Financial Ratios- The Tools of Bank Loan Underwriting

By on October 25, 2018

By Eugene E. Valdez AKA The Loan Doctor

When commercial banks underwrite commercial loans they look at a myriad of factors including but not limited to: a CEO’s management ability, past and future industry trends, a CEO’s business model, the value proposition, sales and earnings trends, EBITDAS, strength of the balance sheet, cash flow, collateral, the CEO’s FICO scores and the composition of the CEO’s net worth.

Some of these variables can be measured by financial ratios and some of them are judgement calls. Thus a Bank’s process of approving loans is both an art (judgement) and science (ratios) and that is why my friends the whole process is difficult. Many are called but few are chosen meaning in my opinion there are many bank underwriters in our region but not very many exceptional ones.

Loan underwriting today places too much emphasis on financial ratios in my opinion. Financial ratios don’t repay loans, people do. Those people are CEOs with good character, excellent executive skills and who have the ability to tweak their business models when changes occur in the economy with their vendors, employees, customers and competitors.

Having said that I would like to discuss a few common ratios bankers use to underwrite commercial loans:

Current Ratio –A metric used to measure liquidity, a company’s current assets divided by its current liabilities.  1.20 to 1 is a satisfactory number.  This number goes south when you have too much of your bank debt in the form of a line of credit as opposed to a combination of Line of credit and term loan.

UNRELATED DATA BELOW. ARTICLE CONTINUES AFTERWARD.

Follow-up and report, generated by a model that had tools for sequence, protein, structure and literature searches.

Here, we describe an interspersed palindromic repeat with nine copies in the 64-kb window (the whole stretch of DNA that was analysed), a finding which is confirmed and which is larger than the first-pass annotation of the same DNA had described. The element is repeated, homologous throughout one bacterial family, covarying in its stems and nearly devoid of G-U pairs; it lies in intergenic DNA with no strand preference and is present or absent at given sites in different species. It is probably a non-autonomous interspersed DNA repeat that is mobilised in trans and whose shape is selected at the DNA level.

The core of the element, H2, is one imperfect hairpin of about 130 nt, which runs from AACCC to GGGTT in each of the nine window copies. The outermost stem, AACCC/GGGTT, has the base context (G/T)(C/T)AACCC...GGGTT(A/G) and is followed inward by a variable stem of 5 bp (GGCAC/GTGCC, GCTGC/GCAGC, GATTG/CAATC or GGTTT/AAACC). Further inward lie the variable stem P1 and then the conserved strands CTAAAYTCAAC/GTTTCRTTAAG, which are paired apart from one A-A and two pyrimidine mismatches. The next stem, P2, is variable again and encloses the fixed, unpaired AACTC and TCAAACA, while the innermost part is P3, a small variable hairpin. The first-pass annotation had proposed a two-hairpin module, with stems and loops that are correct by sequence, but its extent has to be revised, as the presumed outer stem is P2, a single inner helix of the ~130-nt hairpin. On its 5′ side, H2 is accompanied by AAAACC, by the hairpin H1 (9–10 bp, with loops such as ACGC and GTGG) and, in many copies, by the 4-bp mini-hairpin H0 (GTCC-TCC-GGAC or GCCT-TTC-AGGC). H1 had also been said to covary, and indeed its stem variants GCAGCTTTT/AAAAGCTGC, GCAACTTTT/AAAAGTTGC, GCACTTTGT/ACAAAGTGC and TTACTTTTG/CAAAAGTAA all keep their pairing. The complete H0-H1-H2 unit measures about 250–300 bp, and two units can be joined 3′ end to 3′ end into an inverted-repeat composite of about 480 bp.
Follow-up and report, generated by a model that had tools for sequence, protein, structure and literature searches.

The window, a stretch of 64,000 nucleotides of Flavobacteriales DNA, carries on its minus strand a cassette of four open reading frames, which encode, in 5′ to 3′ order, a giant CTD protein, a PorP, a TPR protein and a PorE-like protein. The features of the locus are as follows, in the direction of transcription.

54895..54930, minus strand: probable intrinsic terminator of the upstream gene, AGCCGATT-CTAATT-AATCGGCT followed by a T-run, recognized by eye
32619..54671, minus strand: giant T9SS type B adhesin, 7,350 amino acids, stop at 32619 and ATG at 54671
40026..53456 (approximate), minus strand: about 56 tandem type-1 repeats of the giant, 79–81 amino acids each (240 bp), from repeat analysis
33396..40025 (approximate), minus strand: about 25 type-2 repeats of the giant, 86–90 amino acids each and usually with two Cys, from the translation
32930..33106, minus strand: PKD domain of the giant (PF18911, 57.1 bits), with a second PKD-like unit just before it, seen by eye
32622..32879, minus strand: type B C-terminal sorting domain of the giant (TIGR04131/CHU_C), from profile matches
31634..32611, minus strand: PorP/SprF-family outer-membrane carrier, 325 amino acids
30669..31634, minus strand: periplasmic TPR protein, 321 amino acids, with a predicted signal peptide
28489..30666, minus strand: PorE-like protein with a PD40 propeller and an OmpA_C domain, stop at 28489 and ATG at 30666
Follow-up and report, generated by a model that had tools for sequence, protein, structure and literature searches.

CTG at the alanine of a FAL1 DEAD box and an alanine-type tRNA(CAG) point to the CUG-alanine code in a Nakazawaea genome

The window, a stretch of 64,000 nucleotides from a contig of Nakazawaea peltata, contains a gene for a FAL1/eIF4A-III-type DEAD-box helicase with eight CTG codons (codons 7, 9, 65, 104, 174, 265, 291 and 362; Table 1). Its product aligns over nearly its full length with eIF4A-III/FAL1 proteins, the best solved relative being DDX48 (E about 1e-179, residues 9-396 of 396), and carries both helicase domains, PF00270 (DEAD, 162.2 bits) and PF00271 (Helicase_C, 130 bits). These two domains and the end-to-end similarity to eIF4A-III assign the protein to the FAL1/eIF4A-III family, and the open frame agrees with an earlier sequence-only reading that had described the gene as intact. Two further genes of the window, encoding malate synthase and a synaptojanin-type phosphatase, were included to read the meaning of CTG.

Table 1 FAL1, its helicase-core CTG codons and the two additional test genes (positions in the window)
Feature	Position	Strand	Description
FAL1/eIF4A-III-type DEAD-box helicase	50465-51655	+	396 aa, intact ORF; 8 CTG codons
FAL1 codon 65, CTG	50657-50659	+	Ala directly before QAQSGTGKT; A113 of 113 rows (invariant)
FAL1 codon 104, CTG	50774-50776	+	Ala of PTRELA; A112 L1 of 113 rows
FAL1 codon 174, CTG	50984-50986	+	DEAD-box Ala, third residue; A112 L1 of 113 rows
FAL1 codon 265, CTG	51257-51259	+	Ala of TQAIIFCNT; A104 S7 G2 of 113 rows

Debt to Equity Ratio- A metric used to measure leverage, a company’s total liabilities divided by its stockholder’s equity.  Most banks will not want to see this metric exceed 3.00 to 1.  If you have lent some of your personal funds to your company, a bank will add this loan to your stockholders equity if you agree to subordinate.

And my all-time favorite ……Global Cash Flow Coverage ratio! This ratio is flawed in my opinion because a portion of the calculation (living expenses), is not based on actual numbers but estimates.  This metric is supposed to measure the ability of your combined corporate and personal cash flow to service your combined corporate and personal debt obligations. It is very important metric regarding term loans. Most banks like to see a global debt service coverage of at least  1.10 to 1.

The actual formula is something like this, (in 000’s, annual numbers)

Watch those ratios!


Eugene E. Valdez

Eugene Valdez is a 40-year veteran of business/financial management and owner of The Loan Doctor, a full service business loan consulting firm based in Upland. He can be reached at 909-230-0024 or Like and follow him on social media FacebookLinkedIn.



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